Thursday, April 07, 2005

A View from the Square

Memorial of St. John Baptist de la Salle

Here is the account of the priest brother of one of my sister's friend's... friend who was among those gathered at St. Peter's Saturday night.

Dear Family and Friends,

I have received so many emails asking me to describe my experiences of these past few days -- I simply tried to write a general diary of what has happened-- it is too long -- and please excuse my inability to respond to all individually:

Saturday night I was in the square as Our Holy Father died. Several thousand people had been vigiling and praying in the square since Friday. Many came specifically to pray the Rosary at 9 p.m. Saturday evening with some of the Cardinals. We prayed the Joyful mysteries which were interspersed with readings from scripture which explains why the Rosary took about 45 minutes. At the end of the Rosary the Archbishop told us we were welcome to stay and continue praying for the Holy Father and that there would be another prayer service at midnight. I told the Students from the University of St. Thomas, whom I was with, that I was going to head home. As I began to leave the square I looked up at the Papal Palace again only to see a bunch of lights come on, at the level of the Papal apartments. I thought that maybe someone was entering, which could mean it was the Cardinal coming to certify the Pope's death. So I stayed put in the square, about 10 minutes later an Archbishop came back to the microphone and said, "Please pray with me" and started praying Hail Mary's. After 1 decade and a Glory Be. Cardinal Sodano, Vatican Secretary of State, came on and announced, at 9:37, while we were just finishing the Rosary in the square Our Holy Father passed from this life to the next. Then he invited us all to pray, and began to sing the Salve Regina. We knelt in the square and then for about 3 minutes 100,000 people were absolutely silent. Then the Cardinal began the "De Profundis," psalm 130, which is the traditional prayer to pray when you here someone dies, "Out of the depths, I cry to you Oh Lord..." Then he said, "Requiem aeternam dona eis Domine" (Eternal rest grant unto him Oh Lord), and we responded, "et Lux perpetua luceat ei" (and let perpetual light shine upon him). Then we began to pray another Rosary, the Glorious Mysteries. At the end of this Rosary they announced that there would be a memorial mass at 10:30 a.m. the next morning.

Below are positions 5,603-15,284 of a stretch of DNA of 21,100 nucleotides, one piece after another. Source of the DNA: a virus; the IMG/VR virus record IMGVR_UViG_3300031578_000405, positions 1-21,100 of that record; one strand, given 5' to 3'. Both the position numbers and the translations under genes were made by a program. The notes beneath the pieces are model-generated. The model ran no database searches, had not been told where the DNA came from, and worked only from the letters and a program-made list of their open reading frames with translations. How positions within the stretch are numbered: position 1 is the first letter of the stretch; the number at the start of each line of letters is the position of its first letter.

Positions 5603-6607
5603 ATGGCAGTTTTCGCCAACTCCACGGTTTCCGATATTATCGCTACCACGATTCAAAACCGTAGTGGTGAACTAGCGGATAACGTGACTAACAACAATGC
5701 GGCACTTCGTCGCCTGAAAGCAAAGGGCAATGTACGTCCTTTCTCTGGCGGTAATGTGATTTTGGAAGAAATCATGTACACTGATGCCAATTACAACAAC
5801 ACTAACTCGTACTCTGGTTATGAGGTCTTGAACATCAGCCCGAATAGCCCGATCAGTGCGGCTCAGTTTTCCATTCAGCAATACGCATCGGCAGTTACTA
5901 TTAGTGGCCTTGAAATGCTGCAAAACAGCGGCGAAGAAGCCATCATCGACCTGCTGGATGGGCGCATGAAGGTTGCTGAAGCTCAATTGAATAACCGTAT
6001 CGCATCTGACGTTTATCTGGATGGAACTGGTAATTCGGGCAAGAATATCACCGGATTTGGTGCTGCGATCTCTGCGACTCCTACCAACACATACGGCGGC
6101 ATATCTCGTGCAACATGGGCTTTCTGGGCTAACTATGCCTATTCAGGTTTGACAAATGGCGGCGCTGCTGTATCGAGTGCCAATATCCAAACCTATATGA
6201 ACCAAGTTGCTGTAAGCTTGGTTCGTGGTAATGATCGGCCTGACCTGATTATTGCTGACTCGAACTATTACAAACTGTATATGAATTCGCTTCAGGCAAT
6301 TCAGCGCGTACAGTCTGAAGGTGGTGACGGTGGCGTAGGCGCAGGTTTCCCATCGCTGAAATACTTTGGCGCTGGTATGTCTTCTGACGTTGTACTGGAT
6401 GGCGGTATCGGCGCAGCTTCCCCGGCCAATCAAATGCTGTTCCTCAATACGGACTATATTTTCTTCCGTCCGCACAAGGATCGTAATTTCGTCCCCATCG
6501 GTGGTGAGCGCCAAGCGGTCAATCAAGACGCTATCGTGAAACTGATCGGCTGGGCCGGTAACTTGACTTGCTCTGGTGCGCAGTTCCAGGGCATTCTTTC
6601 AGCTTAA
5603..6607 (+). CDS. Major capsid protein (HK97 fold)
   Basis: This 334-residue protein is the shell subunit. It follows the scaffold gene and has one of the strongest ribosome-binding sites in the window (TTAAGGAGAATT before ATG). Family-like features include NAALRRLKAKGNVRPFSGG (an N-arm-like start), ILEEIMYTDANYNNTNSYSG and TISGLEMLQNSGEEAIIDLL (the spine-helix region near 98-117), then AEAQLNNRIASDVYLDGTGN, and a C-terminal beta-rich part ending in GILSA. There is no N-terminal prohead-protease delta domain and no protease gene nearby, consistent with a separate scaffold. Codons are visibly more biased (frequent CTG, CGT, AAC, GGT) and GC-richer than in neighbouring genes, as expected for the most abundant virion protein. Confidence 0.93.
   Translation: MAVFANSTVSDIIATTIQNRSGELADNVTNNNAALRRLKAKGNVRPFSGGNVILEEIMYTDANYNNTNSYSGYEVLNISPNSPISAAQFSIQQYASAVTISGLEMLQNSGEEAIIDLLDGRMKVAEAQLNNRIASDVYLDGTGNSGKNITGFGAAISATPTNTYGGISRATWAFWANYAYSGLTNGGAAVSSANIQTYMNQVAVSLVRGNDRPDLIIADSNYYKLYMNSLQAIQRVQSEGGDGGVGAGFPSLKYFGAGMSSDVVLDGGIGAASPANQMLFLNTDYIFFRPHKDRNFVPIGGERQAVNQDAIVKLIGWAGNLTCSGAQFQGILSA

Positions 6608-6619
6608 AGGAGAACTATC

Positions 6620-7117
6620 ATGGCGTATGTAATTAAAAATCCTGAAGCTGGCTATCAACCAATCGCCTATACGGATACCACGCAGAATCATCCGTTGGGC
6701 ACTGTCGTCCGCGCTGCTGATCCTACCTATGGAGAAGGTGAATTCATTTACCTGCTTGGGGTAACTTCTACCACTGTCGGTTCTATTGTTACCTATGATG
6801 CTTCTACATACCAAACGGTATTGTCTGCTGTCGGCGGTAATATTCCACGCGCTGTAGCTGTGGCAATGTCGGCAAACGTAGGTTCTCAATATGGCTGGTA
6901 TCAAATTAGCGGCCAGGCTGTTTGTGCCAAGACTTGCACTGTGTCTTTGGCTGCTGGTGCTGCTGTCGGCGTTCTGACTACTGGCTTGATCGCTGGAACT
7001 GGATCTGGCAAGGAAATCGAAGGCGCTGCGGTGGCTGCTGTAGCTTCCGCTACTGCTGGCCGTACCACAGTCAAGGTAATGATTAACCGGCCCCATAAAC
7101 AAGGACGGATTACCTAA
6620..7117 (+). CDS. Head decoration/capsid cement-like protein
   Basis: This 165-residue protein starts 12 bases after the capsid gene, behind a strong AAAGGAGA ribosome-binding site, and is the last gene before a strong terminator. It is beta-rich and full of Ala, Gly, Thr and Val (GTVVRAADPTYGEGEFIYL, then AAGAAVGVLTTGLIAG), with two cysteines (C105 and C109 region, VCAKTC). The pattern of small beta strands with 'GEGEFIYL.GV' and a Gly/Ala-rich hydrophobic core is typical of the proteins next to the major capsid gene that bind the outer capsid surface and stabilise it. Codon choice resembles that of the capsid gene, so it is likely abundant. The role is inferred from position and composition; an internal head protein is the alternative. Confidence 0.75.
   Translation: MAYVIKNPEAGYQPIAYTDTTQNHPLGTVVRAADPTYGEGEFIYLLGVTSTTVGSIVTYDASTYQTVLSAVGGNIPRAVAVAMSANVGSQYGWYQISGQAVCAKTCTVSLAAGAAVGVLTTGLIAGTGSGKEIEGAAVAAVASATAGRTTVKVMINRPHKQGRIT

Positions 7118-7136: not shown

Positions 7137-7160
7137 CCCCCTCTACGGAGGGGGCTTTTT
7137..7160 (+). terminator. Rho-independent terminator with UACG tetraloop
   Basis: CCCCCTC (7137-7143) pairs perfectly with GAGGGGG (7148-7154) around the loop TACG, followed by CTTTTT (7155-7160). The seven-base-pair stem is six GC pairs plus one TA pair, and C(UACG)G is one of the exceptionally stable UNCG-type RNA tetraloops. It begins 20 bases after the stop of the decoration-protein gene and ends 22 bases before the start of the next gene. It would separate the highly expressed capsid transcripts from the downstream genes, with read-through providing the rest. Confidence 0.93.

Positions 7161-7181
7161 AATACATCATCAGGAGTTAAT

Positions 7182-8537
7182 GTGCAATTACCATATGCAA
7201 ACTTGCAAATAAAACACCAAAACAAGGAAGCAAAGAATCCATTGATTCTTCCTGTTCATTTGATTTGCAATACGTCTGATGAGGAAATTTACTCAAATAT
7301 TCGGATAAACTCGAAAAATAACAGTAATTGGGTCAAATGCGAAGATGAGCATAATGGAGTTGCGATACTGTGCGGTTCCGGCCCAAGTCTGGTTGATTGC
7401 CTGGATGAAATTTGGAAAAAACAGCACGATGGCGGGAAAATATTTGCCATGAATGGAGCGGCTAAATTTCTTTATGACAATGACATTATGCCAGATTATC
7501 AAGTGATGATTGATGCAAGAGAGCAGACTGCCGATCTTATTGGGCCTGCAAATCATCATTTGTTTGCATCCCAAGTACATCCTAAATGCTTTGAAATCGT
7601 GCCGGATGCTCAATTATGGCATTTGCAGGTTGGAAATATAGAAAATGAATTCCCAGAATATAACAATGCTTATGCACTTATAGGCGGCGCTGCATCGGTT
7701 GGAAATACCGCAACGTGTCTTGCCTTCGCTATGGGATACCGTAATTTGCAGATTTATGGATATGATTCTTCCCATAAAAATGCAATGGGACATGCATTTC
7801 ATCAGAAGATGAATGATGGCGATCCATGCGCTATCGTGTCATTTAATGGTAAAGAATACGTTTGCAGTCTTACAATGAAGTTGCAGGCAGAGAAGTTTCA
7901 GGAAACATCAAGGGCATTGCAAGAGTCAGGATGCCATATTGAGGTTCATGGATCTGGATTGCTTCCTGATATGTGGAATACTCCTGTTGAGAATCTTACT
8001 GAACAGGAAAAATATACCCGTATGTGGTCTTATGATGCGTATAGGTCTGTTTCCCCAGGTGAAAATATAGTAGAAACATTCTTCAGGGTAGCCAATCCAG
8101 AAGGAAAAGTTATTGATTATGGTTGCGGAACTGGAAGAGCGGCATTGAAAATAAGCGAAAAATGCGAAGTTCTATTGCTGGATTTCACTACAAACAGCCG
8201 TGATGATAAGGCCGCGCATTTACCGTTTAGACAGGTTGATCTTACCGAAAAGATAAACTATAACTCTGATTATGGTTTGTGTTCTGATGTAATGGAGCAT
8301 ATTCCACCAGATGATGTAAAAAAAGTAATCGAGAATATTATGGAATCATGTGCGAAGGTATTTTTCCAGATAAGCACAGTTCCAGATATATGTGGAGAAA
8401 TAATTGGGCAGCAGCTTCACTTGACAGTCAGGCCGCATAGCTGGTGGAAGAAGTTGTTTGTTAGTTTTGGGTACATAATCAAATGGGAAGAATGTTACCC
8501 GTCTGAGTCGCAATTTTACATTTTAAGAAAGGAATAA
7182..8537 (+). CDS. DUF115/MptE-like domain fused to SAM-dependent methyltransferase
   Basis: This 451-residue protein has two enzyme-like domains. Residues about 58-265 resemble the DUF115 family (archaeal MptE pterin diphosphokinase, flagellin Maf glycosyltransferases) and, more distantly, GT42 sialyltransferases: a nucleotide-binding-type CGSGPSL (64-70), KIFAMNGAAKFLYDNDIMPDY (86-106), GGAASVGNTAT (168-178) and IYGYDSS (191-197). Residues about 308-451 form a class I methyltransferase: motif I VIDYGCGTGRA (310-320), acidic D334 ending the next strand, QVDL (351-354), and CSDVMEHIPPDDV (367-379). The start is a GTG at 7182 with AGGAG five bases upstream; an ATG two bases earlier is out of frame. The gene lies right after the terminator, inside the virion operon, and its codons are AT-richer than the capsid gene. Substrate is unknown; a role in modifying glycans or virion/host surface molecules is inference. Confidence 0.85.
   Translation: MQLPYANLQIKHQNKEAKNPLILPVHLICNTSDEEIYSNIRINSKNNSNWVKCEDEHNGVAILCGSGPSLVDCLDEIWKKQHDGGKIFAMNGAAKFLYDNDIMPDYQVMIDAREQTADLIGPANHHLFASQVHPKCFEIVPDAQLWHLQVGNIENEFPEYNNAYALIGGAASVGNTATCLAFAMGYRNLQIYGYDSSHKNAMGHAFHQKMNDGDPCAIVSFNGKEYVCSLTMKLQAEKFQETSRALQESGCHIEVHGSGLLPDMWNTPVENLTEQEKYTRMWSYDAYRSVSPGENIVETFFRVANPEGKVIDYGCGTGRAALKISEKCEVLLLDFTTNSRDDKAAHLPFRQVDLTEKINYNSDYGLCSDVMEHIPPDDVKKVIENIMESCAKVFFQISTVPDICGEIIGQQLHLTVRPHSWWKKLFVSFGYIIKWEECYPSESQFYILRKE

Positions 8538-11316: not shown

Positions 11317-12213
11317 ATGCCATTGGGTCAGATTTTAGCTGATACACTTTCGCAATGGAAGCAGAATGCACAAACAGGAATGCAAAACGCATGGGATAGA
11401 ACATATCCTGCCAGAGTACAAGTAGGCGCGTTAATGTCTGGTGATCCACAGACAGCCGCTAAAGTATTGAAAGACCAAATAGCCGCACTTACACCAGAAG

The Italian newspapers (maybe the US as well but I did not see it) reported John Paul II's last hours. At 8 p.m. the vigil mass for Divine Mercy was celebrated in his room, he received communion. Then they opened the window so he could hear the Rosary being prayed in the square. Near the end of the Rosary he lifted his hand towards the window and gave a blessing, then at the end of the prayer, with great effort he said, "Amen," and died afterwards.

The next morning I was able to concelebrate the mass where about 40 of the Cardinals were present. There were several dozen bishops and a few hundred priests who concelebrated. The Piazza was full and also part of the Via de Conciliazione, perhaps 200,000 people? I said to the priest next to me at one point in the mass, even though the Piazza is full it is profoundly empty. Our Holy Father's presence is what always filled the Piazza, even though Cardinal Sodano gave a beautiful homily, the absence of Our Father was palpable. I was most moved when at the end of Mass one of the Archbishops came forward and said that he had with him a copy of the Regina Caeli address which Our Holy had prepared for Mercy Sunday before he died. Here were John Paul II's last public words, written before he died and now it was as if he was speaking to us from heaven.

Our Holy Father spoke as he always did -- addressing not just Christians but the world -- and praying to Our Lord on behalf of the entire world. Here is the Translation from Zenit:

Dear Brothers and Sisters!